Install nfdump and nfsen netflow tools in Linux

Using nfsen it is possible to view IP traffic statistics on Linux interfaces including the graphs showing data sent and received (see the screenshot to the right) as well as historical information about all data transfers. So after you’ve configured nfsen and nfdump to monitor traffic on certain Linux server or router you’ll be able to answer the following example questions: What IP was downloading data through 48161 last Wednesday? […]

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Quick Tip: Increase port range available for applications

By default an average Linux distribution allows applications to use the following TCP port range for outgoing connections: 32,786-65,536. That’s why your system can handle up to 28,232 TCP sessions at time. Notice, this is more than enough if your Linux system is installed on the laptop or desktop and you just use it for occasional visits to facebook.com, gmail.com and linuxscrew.com (yeah!). But if you run proxy/webcache like squid […]

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Namebench: cross-platform DNS benchmarking tool

It was long time ago when I wrote here last time but today I’d like to share the link to an application that would be appreciated by everyone starting from Linux starter wishing to speed up his/her Internet connection and ending with system administrators who may want to run benchmarks and run stress tests against certain DNS service(s). I am talking about Namebench. This is cross platform tool written in […]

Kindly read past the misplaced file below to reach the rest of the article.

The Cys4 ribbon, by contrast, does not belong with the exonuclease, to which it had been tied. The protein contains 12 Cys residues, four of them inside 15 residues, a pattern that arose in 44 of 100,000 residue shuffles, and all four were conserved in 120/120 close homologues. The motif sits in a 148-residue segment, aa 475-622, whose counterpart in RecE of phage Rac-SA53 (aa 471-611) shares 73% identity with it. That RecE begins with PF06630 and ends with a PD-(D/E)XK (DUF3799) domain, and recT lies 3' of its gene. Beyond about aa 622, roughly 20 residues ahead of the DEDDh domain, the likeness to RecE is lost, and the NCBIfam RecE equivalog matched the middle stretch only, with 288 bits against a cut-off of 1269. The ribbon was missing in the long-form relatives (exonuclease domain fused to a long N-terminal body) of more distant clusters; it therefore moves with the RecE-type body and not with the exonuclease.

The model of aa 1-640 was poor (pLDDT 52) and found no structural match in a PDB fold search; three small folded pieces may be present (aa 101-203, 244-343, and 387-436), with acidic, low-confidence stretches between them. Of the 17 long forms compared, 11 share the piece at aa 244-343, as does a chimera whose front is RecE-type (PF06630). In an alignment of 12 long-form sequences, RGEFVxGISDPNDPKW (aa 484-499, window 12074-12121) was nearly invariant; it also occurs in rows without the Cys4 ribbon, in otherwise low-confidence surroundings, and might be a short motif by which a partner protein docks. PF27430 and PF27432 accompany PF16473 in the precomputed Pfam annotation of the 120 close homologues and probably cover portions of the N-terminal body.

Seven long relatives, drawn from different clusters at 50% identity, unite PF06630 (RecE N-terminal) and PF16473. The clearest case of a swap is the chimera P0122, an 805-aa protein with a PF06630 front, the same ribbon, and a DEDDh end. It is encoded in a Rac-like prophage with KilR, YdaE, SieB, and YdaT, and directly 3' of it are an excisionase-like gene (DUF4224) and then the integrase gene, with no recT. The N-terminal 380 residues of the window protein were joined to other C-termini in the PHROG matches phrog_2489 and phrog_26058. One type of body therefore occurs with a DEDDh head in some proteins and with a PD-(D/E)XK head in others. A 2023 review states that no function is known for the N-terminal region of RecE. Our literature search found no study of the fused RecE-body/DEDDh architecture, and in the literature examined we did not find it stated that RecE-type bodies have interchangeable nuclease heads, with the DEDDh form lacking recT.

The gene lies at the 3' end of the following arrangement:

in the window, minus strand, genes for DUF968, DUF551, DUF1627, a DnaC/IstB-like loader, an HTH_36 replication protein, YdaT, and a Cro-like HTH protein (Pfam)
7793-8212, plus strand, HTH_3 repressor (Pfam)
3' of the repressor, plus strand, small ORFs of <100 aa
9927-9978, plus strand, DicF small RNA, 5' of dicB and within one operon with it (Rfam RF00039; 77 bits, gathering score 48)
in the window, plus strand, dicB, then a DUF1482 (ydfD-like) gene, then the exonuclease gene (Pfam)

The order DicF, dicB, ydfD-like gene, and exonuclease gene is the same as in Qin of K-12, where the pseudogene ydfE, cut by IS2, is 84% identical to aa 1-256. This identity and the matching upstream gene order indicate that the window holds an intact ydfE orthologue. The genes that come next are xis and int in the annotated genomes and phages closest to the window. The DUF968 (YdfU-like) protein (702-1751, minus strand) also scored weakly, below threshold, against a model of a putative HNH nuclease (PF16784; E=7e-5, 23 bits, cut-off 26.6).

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How to monitor traffic at Cisco router using Linux (Netflow)

By default Cisco IOS doesn’t provide any traffic monitoring tools like iftop or iptraff available in Linux. While there are lots of proprietary solutions for this purpose including Cisco Netflow Collection, you are free to choose nfdump and nfsen open source software to monitor traffic of one or many Cisco routers and get detailed monitoring data through your Linux command line or as graphs at absolutely no cost. Below is […]

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The easiest way to split and merge pdf files in Ubuntu

The easiest way to split, merge or edit pdf files in Ubuntu is to use pdftk utility. This rather old (latest version was released in 2006) but still simple and powerful program can be installed in Ubuntu (Debian or any deb-family Linux distribution) by the following command in terminal: sudo aptitude install pdftk (if you run Fedora, RedHat or CentOS use this one: sudo yum install pdftk) Split large pdf […]

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